Barr is skilled at getting free of blockers in the tackle box when he is in pursuit. Barr doesn't shy away from taking on contact and has the ability to disengage, but he needs refinement and should get better when blockers come at him downhill. Ditto for Smith and Attaochu.

Shazier was solid at shedding blocks in college, but will need to continue to work on this in the NFL. He has added a lot of weight since the end of the season, which should help him.

Van Noy, Ford, and Lawrence have all developed the ability to use their hands. All three are better at fighting off blockers in pass protection over the ground game. They all will need to work on beating blocks to defend the run in the NFL.

Splash Plays:
NFL prototype: Von Miller, Broncos

Khalil Mack
Kyle Van Noy
Anthony Barr
Ryan Shazier
Demarcus Lawrence
Marcus Smith
Dee Ford
Jeremiah Attaochu



Recap: NFL coaches love players who can take the ball away. Turnovers are a great equalizer against high-powered offenses and directly lead to victories.

There is no doubt about this one. Mack was a splash-play machine the past three seasons; not just in the form of sacks - he was consistently producing turnovers. In that span, Mack totaled 14 forced fumbles and three interceptions. He regularly makes game-changing plays.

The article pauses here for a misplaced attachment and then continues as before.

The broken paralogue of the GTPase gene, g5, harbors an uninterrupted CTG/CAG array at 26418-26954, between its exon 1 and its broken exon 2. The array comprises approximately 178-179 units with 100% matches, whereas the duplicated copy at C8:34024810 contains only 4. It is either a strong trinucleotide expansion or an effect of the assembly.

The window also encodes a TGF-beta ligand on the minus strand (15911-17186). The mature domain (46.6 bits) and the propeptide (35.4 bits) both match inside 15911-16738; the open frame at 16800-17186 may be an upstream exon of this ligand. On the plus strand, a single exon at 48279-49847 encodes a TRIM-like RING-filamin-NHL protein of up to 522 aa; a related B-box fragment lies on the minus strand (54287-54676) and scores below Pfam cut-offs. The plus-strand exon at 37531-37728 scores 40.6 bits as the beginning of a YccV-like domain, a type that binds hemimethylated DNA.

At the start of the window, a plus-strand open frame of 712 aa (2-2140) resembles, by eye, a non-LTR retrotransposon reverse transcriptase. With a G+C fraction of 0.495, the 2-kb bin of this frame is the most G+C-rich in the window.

Van Noy is very instinctive about creating turnovers. He had 10 forced fumbles and four interceptions the past two seasons, plus forced some other turnovers for teammates who didn't show up on the stat sheet. Barr has developed the art of the strip-sack as well. He had nine forced fumbles across the past two seasons.

Shazier was skilled at taking the ball away as well. He had seven forced fumbles and interception over the past two years. Lawrence matched those numbers with Boise State.

Smith broke out in 2013 with four forced fumbles. Ford had three forced fumbles across the past two seasons. He could get better at slapping the ball out while hitting the quarterback. Attaochu brings up the rear as he had only one forced fumble the past two seasons.

Intangibles:
NFL prototype: Sean Weatherspoon, Falcons

Khalil Mack
Anthony Barr
Ryan Shazier
Kyle Van Noy
Marcus Smith
Jeremiah Attaochu
Demarcus Lawrence
Dee Ford



Recap: Mack is known as a hard worker. He is considered a good locker-room presence and a high-character individual. Barr, Shazier and Van Noy were the leaders of their defenses. Each was a tone-setter who is known to love football with the drive to be great. All four should develop into leadership positions.

None of Smith, Attaochu, Lawrence or Ford has a reputation as a bad guy. They all seem like they'll bring a positive presence to a NFL locker room.
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Old 03-20-2014, 09:44 AM   #22
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Old 03-20-2014, 07:02 PM   #23
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Old 03-20-2014, 07:24 PM   #24